Conor Lamb just won the open congressional seat in a Pittsburgh suburb. As a professed Catholic, he says, "We believe that life begins at conception, but as a matter of separation of church and state, I think a woman has the right to choose under the law...." He went on to say that his personal opposition to abortion would never allow him to vote for a single ban, including those in the late term.
By making his personal decision grounded in Catholicism, Lamb missed a great opportunity: it is science that tells us that life begins at conception. That Catholicism agrees with this scientific fact is commendable, but lacks the persuasive power necessary to win this argument in a diverse society. He should have simply referenced Biology 101, punctuated by his religious beliefs.
It must also be said that the pro-choice position on racial discrimination—"I am personally opposed but will not impose my views on others"—would be read as a flat-out endorsement of discrimination. That is why Lamb's position is so lame. Moreover, referencing separation of church and state is downright silly: no Catholic opposed to the death penalty worries about imposing his religious beliefs on others.
But it is not Lamb's convoluted thinking that is most interesting. It is the reaction it has had with the champions of abortion.
In his March 16 column in the New York Times, David Leonhardt has a reasonable commentary on this subject. Speaking of pro-life Americans, who oppose aborting children because they suffer from Down syndrome (as well as other reasons), he writes, "They're more likely to believe that babies with the syndrome have as much right to life as those without it." Then he writes, "That last sentence probably offends some readers—which helps make the point that personal opposition to abortion means something."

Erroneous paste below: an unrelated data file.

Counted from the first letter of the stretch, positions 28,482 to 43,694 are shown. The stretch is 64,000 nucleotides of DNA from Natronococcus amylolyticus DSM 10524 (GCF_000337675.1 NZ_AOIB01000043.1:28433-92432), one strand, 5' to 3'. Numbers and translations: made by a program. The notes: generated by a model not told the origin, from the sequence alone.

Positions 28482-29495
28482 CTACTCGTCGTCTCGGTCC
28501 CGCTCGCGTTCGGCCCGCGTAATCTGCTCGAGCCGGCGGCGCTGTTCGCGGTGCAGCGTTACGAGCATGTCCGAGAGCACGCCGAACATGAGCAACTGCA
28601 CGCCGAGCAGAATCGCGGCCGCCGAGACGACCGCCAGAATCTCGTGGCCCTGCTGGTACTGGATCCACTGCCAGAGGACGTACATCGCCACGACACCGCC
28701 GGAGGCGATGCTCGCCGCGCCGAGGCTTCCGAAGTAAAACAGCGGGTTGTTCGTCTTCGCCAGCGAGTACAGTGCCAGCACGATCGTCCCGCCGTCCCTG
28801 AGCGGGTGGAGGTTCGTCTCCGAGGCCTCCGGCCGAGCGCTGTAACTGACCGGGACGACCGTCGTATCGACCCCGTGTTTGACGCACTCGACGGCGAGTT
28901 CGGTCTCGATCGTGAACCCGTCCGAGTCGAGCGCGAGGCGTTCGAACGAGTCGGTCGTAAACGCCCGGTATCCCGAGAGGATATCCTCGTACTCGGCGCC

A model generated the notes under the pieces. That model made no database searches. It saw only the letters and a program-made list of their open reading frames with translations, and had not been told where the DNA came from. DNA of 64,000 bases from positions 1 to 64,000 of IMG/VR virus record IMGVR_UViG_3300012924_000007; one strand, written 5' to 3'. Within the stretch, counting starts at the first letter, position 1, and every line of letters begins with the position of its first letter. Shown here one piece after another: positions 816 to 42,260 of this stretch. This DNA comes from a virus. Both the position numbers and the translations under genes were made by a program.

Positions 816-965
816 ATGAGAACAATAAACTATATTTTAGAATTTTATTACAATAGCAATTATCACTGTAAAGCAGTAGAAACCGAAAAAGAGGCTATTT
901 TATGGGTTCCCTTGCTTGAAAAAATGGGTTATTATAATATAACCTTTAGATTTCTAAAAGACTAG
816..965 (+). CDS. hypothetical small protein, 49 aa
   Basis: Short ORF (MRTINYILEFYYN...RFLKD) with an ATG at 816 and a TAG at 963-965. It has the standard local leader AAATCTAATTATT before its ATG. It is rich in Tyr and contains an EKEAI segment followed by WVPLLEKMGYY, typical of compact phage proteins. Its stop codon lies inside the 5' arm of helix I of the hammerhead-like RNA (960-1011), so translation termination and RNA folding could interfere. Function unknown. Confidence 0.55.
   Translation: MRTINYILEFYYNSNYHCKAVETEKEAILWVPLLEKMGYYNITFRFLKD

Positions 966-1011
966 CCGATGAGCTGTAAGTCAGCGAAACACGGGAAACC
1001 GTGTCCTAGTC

Which raises the question: Why would it offend anyone to say that all babies have a right to life? Why wouldn't they simply disagree? Because that would make them out to be what they are—people who get exercised just hearing about a child's right to life. And what that makes them is not the subject of polite conversation.
Christina Cauterucci, writing for Slate, is more than exercised over this issue—she is ready to stick it to Lamb. "By broadcasting his belief that, lawmaking aside, a fertilized egg is a human life, he's essentially scolding women who've had abortions. 'I believe you've killed someone, but I will fight for your right to do it!'" She's touched on something real. Anyone who believes that life begins at fertilization, yet opposes laws to protect it, is morally challenged, to say the least. But it is her anger at Lamb that is most striking.
It's not good enough for her to have a congressman who will vote against all abortion bans. No, she loathes Lamb's personal conviction that life begins at conception because it ineluctably reminds people of what abortion is. She's right about that.
This is why the pro-abortion crowd is losing the argument. Their outrage over merely voicing the obvious—that life begins when the sperm and the egg unite—is proof positive that Lamb has hit a nerve. They know, deep down, that abortion kills. The only weapon left in their arsenal is to intimidate, if not muzzle, those who make public declarations of it.